Trump administration considering expanding deportation powers

Trump administration considering expanding deportation powers
President Donald Trump and Homeland Security Secretary John Kelly
Source: Carolyn Kaster/AP
President Donald Trump and Homeland Security Secretary John Kelly
Source: Carolyn Kaster/AP

The Trump administration may expand the Department of Homeland Security’s authority to expedite the deportations of undocumented immigrants, according to a memo obtained by the Washington Post.

According to the Post, the policy proposal currently under White House consideration would give the DHS power to bypass immigration courts and deport undocumented immigrants anywhere in the United States who “cannot prove they have lived in the country continuously for more than 90 days.”

That would represent a major shift from current law, which allows such expedited deportations only in cases where the undocumented immigrant has been in the U.S. for less than two weeks and was taken into custody less than 100 miles from the border.

“The potential changes would allow DHS to more efficiently use resources to remove persons who have been illegally present for relatively brief periods of time while still observing due-process requirements,” DHS spokeswoman Joanne Talbot told the Post.

The policy — which has not been approved by Homeland Security Secretary John Kelly — is designed to “eliminate incentives not only to enter the country unlawfully but also to attempt to quickly travel into the interior of the United States in an effort to avoid the application of expedited removal,” according to the memo obtained by the Post.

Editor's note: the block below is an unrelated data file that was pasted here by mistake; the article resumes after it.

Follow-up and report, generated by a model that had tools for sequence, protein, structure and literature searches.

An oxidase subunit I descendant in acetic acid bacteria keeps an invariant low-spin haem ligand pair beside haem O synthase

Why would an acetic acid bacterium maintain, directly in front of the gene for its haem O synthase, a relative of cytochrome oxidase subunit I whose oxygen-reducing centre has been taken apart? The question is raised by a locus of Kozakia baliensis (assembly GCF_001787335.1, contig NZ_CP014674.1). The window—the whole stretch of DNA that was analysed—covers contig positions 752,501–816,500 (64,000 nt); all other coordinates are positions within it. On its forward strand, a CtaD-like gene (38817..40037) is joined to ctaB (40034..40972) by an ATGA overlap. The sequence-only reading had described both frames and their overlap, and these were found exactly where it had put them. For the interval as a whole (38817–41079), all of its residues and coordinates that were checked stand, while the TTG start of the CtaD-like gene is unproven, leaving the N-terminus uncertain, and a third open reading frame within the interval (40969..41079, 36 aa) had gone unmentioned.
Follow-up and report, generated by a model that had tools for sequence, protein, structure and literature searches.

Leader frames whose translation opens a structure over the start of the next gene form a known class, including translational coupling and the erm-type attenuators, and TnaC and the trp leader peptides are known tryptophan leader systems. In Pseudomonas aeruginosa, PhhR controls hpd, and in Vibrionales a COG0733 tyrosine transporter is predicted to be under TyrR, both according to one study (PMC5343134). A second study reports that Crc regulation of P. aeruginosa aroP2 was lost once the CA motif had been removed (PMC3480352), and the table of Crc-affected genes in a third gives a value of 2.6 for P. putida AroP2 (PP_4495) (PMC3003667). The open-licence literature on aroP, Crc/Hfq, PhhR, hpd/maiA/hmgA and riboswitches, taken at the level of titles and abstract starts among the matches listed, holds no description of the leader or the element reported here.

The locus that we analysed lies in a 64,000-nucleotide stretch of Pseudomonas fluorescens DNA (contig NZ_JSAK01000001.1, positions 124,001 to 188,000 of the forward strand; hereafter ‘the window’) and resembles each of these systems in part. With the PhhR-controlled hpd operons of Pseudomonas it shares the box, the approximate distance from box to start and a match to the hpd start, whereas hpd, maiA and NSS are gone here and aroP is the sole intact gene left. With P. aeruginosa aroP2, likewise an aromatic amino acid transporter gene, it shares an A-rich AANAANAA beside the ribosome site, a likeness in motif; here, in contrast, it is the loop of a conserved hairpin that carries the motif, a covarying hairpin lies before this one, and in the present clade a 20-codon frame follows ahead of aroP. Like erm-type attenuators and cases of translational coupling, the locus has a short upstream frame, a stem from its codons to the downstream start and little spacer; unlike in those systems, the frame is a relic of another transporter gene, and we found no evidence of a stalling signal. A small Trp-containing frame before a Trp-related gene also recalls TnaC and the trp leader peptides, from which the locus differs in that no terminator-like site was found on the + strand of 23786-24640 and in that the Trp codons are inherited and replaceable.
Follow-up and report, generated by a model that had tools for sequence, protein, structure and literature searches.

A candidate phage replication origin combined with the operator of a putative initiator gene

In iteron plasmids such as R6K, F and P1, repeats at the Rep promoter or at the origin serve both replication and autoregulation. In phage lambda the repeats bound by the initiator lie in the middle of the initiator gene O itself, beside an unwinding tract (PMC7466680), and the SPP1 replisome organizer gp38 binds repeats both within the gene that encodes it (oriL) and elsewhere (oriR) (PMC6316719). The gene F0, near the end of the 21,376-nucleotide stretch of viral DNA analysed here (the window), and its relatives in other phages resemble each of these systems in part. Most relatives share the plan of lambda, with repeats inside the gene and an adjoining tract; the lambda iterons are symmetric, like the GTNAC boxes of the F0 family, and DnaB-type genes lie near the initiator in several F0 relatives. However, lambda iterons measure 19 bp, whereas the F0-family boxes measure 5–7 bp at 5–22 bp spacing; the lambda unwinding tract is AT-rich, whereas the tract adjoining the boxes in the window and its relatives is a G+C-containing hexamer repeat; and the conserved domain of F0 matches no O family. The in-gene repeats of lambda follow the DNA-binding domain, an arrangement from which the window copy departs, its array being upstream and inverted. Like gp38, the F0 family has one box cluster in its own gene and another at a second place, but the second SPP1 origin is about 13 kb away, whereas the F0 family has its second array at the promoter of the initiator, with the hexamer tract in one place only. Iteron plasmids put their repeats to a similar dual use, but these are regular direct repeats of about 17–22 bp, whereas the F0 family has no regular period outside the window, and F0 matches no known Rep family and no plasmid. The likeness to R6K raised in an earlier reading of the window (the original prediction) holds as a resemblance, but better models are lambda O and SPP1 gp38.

It would address what the memo describes as a “historic backlog” of the more than 534,000 deportation cases that were pending at the beginning of 2017, the memo said.

Protesters rally in support of undocumented immigrants outside a federal courthouse in Detroit in May.
Source: Paul Sancya/AP

President Donald Trump took a hardline stance on immigration during the 2016 presidential campaign. Since taking office, he’s sought to create a “deportation force” by adding more border patrol agents and involving local police departments in immigration enforcement. He has also expanded the list of those targeted for deportation and reversed course on Obama-era immigration policies.

Trump has framed his immigration policies as being in the country’s national security interests, saying he’s only targeting “bad hombres.” However, it was reported in April that non-criminal deportations doubled under Trump, and his policies and rhetoric have been the subject of massive protests.

Marielena Hincapié, executive director of the National Immigration Law Center, told the Post that the policy under White House review would move the administration closer to the deportation force Trump proposed.

“This is a radical departure from current policy and practice, which takes one giant step towards implementing Trump’s deportation force across the nation,” Hincapié said.

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Eric Lutz

Eric Lutz is a staff writer at Mic. He lives in Chicago and can be reached at ericlutz@mic.com.

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